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Stock Dividend vs. Stock Split: What's the Difference?

By Janet White || Published on November 21, 2023
A stock dividend is a payment made in additional shares, while a stock split increases the number of shares by dividing existing shares.

Key Differences

A stock dividend is a dividend payment made to shareholders in the form of additional shares, reflecting a company's desire to reward shareholders without reducing cash reserves. A stock split, on the other hand, is a corporate action that increases the number of shares outstanding by splitting existing shares.
In a stock dividend, shareholders receive additional shares, increasing their shareholding without investing more money. In a stock split, the shareholder's total value remains the same, but the number of shares they own increases, making the shares more affordable to small investors.
Stock dividends do not significantly change the value of the company but dilute the share price slightly. Stock splits result in a reduction of the stock price (for example, in a 2-for-1 split, the price is halved) but do not change the market capitalization of the company.
Companies issue stock dividends typically to conserve cash while still providing a dividend. Stock splits are usually done to lower the share price and make the stock more accessible to a broader range of investors.
Stock dividends are less frequent and can affect the retained earnings on the balance sheet. Stock splits are purely cosmetic and do not impact the financial statements of a company.

Comparison Chart


Payment in additional shares
Increase in share count by dividing existing shares

Impact on Shareholders

Increases number of shares owned
Increases number of shares, reducing price per share

Effect on Share Value

Slight dilution of share price
Reduces share price, keeping total value constant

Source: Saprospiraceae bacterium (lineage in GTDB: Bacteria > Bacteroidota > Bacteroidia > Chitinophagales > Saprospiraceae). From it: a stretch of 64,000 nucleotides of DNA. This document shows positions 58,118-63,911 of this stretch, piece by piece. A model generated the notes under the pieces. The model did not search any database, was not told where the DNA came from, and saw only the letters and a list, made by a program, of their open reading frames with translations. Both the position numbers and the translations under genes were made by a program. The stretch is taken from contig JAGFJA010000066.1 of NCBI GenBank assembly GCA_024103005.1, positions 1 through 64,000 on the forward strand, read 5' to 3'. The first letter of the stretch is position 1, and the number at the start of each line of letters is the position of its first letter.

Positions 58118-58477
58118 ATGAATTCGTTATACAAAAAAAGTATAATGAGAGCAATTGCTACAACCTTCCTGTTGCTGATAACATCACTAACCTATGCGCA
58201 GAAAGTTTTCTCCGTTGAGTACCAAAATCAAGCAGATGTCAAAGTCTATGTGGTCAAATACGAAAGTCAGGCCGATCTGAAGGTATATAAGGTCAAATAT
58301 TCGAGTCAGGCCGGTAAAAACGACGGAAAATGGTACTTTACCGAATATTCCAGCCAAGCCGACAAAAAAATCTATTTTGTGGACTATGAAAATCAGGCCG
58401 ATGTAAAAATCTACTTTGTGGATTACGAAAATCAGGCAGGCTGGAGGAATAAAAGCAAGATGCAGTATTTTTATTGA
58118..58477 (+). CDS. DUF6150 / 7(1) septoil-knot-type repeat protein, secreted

To reward shareholders without using cash
To make stock more accessible and liquid

Financial Statement Impact

Affects retained earnings
No direct financial statement impact

Stock Dividend and Stock Split Definitions

Stock Dividend

A dividend payment made in the form of additional shares.
The company issued a 5% stock dividend, increasing each shareholder's number of shares.

Stock Split

A corporate action that divides existing shares into multiple new shares.
The company's 2-for-1 stock split doubled the number of shares each shareholder owned.

Stock Dividend

A method of rewarding shareholders by increasing their shareholding.
Shareholders were pleased with the stock dividend, as it expanded their investment.

Stock Split

A division of shares that leaves the total value of holdings unchanged.
Although the stock split halved the price per share, the total value of my investment remained the same.

Stock Dividend

An issuance of new shares proportional to current ownership.
For every 100 shares owned, the stock dividend provided 10 additional shares.

Stock Split

A move to increase liquidity and trading volume of a stock.
Post stock split, there was a notable increase in the stock's trading volume.

Stock Dividend

Additional shares given to shareholders instead of cash dividends.